What happens if the Antarctic ice sheet becomes destabilized?

Phil Bart has traveled to Antarctica seven times since the late 1980s—a feat that very few can say. Thirty years is a microscopic blip on a geological time scale, and although the continent's ice cover may seem to be stable, ...

Prehistoric puma poo reveals oldest parasite DNA ever recorded

A team of Argentinian scientists from the National Council of Scientific and Technical Research (CONICET) made the discovery after studying a coprolite taken from a rock-shelter in the country's mountainous Catamarca Province, ...

Nordic Bronze Age attracted wide variety of migrants to Denmark

Migration patterns in present-day Denmark shifted at the beginning of the Nordic Bronze Age, according to a study published August 21, 2019 in the open-access journal PLOS ONE by Karin Frei of the National Museum of Denmark ...

Why humans in Africa fled to the mountains during the last ice age

People in Ethiopia did not live in low valleys during the last ice age. Instead they lived high up in the inhospitable Bale Mountains. There they had enough water, built tools out of obsidian and relied mainly on giant rodents ...

Pottery related to unknown culture found in Ecuador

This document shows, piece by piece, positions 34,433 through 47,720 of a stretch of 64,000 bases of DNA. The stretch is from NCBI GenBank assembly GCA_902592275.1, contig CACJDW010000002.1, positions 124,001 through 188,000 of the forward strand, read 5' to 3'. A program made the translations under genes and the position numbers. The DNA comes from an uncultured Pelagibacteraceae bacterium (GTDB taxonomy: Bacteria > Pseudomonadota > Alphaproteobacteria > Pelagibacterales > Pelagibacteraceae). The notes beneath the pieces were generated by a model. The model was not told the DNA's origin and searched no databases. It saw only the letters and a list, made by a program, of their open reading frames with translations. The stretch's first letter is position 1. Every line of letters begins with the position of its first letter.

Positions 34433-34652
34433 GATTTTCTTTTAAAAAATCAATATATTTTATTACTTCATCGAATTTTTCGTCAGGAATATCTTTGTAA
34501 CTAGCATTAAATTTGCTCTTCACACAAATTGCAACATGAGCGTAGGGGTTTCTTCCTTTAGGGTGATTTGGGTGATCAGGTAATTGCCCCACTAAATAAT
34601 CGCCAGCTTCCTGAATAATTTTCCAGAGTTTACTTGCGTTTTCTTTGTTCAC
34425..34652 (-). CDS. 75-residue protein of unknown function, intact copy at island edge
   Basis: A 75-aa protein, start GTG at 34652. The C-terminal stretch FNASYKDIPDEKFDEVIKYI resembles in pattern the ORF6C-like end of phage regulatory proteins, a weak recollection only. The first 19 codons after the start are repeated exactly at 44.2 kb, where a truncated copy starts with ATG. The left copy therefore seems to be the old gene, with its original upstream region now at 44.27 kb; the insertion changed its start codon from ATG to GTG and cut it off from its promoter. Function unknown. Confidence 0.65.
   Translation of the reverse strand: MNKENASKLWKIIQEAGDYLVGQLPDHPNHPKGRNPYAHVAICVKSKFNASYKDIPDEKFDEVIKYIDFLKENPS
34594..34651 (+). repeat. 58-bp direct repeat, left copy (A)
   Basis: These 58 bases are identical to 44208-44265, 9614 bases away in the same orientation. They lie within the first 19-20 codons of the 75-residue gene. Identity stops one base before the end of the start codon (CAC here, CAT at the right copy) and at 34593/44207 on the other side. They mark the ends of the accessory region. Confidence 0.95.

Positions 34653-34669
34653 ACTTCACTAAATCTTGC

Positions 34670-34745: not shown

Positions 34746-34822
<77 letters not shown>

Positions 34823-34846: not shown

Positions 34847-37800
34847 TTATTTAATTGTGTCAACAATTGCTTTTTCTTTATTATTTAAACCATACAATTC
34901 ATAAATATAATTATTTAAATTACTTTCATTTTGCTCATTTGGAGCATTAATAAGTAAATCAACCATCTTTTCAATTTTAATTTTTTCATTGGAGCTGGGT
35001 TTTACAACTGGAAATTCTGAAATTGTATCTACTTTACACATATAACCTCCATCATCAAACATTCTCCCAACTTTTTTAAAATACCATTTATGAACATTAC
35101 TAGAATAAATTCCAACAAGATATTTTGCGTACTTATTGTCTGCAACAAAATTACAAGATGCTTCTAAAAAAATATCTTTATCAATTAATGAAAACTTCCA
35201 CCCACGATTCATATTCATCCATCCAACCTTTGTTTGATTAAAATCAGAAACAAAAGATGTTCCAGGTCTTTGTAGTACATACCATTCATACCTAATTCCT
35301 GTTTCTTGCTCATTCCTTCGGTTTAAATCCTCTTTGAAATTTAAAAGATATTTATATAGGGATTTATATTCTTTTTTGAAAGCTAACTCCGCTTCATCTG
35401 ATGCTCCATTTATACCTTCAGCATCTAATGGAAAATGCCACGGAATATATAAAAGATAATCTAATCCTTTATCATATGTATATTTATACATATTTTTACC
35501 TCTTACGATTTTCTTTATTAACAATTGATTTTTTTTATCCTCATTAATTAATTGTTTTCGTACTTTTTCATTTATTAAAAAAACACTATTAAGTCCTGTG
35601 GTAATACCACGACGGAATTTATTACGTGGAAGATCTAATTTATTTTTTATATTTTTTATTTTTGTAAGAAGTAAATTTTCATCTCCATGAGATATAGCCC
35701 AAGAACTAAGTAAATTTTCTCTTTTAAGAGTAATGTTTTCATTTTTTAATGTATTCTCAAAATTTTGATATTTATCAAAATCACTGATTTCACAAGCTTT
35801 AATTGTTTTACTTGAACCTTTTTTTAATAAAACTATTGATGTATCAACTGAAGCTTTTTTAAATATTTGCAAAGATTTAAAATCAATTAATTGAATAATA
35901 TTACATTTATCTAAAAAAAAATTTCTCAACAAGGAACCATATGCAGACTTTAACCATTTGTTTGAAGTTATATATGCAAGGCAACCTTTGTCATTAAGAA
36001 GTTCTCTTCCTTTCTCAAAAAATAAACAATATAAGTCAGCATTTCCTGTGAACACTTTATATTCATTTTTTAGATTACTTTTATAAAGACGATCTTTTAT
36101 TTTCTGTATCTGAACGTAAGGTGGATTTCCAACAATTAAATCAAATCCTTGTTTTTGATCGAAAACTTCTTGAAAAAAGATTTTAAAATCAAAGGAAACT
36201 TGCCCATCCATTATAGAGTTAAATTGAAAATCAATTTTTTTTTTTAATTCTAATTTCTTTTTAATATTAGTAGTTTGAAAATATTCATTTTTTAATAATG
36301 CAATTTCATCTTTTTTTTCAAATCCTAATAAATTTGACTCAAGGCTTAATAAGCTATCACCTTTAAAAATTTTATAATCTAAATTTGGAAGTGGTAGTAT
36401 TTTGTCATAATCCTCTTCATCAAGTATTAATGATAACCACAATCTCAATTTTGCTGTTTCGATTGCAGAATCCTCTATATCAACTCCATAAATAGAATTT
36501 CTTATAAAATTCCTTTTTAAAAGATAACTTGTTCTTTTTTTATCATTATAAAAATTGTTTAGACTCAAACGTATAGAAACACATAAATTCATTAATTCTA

Archaeologists from the Far Eastern Federal University (FEFU), Institute of Archeology and Ethnography SB RAS (Russia); Escuela Superior Politécnica del Litoral (ESPOL, Ecuador); and Tohoku University (Japan) found shards ...

Ancient Roman port history unveiled

Researchers successfully reconstructed anthropic influences on sedimentation, including dredging and canal gates use, in the ancient harbour of Portus—a complex of harbour basins and canals that formed the hub of commerce ...

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Carbon-14

Carbon-14, 14C, or radiocarbon, is a radioactive isotope of carbon discovered on February 27, 1940, by Martin Kamen and Sam Ruben at the University of California Radiation Laboratory in Berkeley, though its existence had been suggested already in 1934 by Franz Kurie. Its nucleus contains 6 protons and 8 neutrons. Its presence in organic materials is the basis of the radiocarbon dating method to date archaeological, geological, and hydrogeological samples.

There are three naturally occurring isotopes of carbon on Earth: 99% of the carbon is carbon-12, 1% is carbon-13, and carbon-14 occurs in trace amounts, e.g. making up as much as 1 part per trillion (0.0000000001%) of the carbon in the atmosphere. The half-life of carbon-14 is 5,730±40 years. It decays into nitrogen-14 through beta decay. The activity of the modern radiocarbon standard is about 14 disintegrations per minute (dpm) per gram carbon.

The atomic mass of carbon-14 is about 14.003241 amu. The different isotopes of carbon do not differ appreciably in their chemical properties. This is used in chemical research in a technique called carbon labeling: some carbon-12 atoms of a given compound are replaced with carbon-14 atoms (or some carbon-13 atoms) in order to trace them along chemical reactions involving the given compound.

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